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Group size and organisational conditions for children’s learning in preschool: a teacher perspective.

Journal article
Authors Sonja Sheridan
Pia Williams
Ingrid Pramling Samuelsson
Published in Educational Research
Volume 56
Issue 4
Pages 379–397
ISSN 0013-1881
Publication year 2014
Published at Department of Education, Communication and Learning
Pages 379–397
Language en
Keywords preschool; preschool teachers; group size; structural aspects; organisation; learning
Subject categories Educational Sciences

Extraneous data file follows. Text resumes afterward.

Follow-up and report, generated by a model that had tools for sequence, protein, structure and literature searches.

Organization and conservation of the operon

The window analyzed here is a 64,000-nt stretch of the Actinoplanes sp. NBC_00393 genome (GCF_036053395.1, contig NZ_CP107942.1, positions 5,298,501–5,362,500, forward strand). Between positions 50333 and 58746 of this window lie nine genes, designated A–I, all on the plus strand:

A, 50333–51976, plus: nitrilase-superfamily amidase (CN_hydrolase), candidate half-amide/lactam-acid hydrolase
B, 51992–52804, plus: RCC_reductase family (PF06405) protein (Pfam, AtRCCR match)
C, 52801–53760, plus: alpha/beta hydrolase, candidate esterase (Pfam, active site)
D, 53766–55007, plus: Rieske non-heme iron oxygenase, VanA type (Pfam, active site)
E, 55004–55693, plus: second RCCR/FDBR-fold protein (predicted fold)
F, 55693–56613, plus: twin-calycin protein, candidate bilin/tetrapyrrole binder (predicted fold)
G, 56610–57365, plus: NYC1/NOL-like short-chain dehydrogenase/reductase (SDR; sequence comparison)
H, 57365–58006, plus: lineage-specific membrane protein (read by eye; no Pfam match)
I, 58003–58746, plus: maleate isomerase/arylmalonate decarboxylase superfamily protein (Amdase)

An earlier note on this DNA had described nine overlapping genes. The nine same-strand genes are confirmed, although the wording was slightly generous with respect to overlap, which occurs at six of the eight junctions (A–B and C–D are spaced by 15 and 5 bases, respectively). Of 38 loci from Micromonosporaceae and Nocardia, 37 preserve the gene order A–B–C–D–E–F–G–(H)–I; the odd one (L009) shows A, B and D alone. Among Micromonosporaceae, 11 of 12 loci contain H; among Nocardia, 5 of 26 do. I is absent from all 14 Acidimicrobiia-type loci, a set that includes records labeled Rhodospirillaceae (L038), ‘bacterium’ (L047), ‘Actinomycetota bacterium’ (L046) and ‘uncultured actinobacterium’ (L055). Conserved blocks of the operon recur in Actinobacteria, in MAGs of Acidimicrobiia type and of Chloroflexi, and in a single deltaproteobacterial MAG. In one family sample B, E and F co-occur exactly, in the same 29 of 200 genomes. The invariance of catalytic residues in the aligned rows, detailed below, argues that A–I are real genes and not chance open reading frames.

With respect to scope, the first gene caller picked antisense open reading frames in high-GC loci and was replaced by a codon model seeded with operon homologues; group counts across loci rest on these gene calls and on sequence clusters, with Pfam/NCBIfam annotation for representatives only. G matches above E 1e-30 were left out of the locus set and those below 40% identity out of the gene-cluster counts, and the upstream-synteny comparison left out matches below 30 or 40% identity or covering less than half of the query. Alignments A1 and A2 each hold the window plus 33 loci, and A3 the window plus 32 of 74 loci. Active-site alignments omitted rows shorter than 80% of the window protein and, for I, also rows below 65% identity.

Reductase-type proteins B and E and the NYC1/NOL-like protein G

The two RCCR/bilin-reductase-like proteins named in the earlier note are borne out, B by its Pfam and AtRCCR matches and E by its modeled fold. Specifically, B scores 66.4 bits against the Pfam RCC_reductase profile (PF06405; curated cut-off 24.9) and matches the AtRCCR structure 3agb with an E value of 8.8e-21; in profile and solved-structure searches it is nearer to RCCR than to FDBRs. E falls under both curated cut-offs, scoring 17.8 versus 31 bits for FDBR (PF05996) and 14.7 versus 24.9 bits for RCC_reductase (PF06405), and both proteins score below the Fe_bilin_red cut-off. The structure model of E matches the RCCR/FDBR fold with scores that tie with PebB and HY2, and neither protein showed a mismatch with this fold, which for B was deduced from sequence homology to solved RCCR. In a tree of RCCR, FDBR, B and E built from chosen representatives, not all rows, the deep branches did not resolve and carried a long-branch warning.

Background: There is a limited amount of research about group size in preschool, and how it impacts on teachers’ working conditions and their ability to support children’s learning and knowledge development in line with curriculum intentions. Purpose: From a perspective on quality, this article examines the organisational conditions for children’s learning in preschool in relation to group size. The questions at issue are: how do teachers explain how they organise the child group and the learning environment in preschool, and why? Sample: The sample consists of 12 preschools from different parts of Sweden. The preschools selected for the study are stratified in order to represent small and large group sizes in Swedish preschools as defined by the Swedish National Agency for Education. The sample contains both urban and rural regions and represents districts that differ geographically, demographically, ethnically, and which include varied socioeconomic structures. The 12 preschools had children in three age groupings: 1–3, 3–5 or 1–5. The number of children in the participating preschools ranged from 12 children to 45 children, with seven of the preschools having more than 30 children in their groups. Design and method: The article is based on interactionist perspectives, Bronfenbrenner’s ecological systems theory, a critical ecology of the early childhood profession, theories of children’s learning, and four dimensions of pedagogical quality. Together, these theoretical perspectives contribute to an understanding of the relationships between policy issues, educational goals, group size and teachers’ competence in organising and creating conditions for children’s learning. Semi-structured interviews were conducted with two teachers from each of the 12 preschools. The interviews lasted between 40–60 minutes and were recorded and transcribed verbatim. The analytical process was conducted in three steps and can be described as an analytical process of abduction. The four dimensions of pedagogical quality were used as analytical lenses to discern and understand critical aspects related to the teachers’ understanding of group size. Result: Irrespective of group size, most of the children participate in different group constellations throughout the day, some organised by the teachers and some by the children themselves. Teachers’ competence to organise the children in such ways that good conditions for learning were created, differed between preschools, and depended on the teachers’ approach, which can be described as either intentional or unintentional learning. Conclusion: Teachers’ organisational approaches influence the quality of the preschool and conditions for children’s learning in distinct ways.

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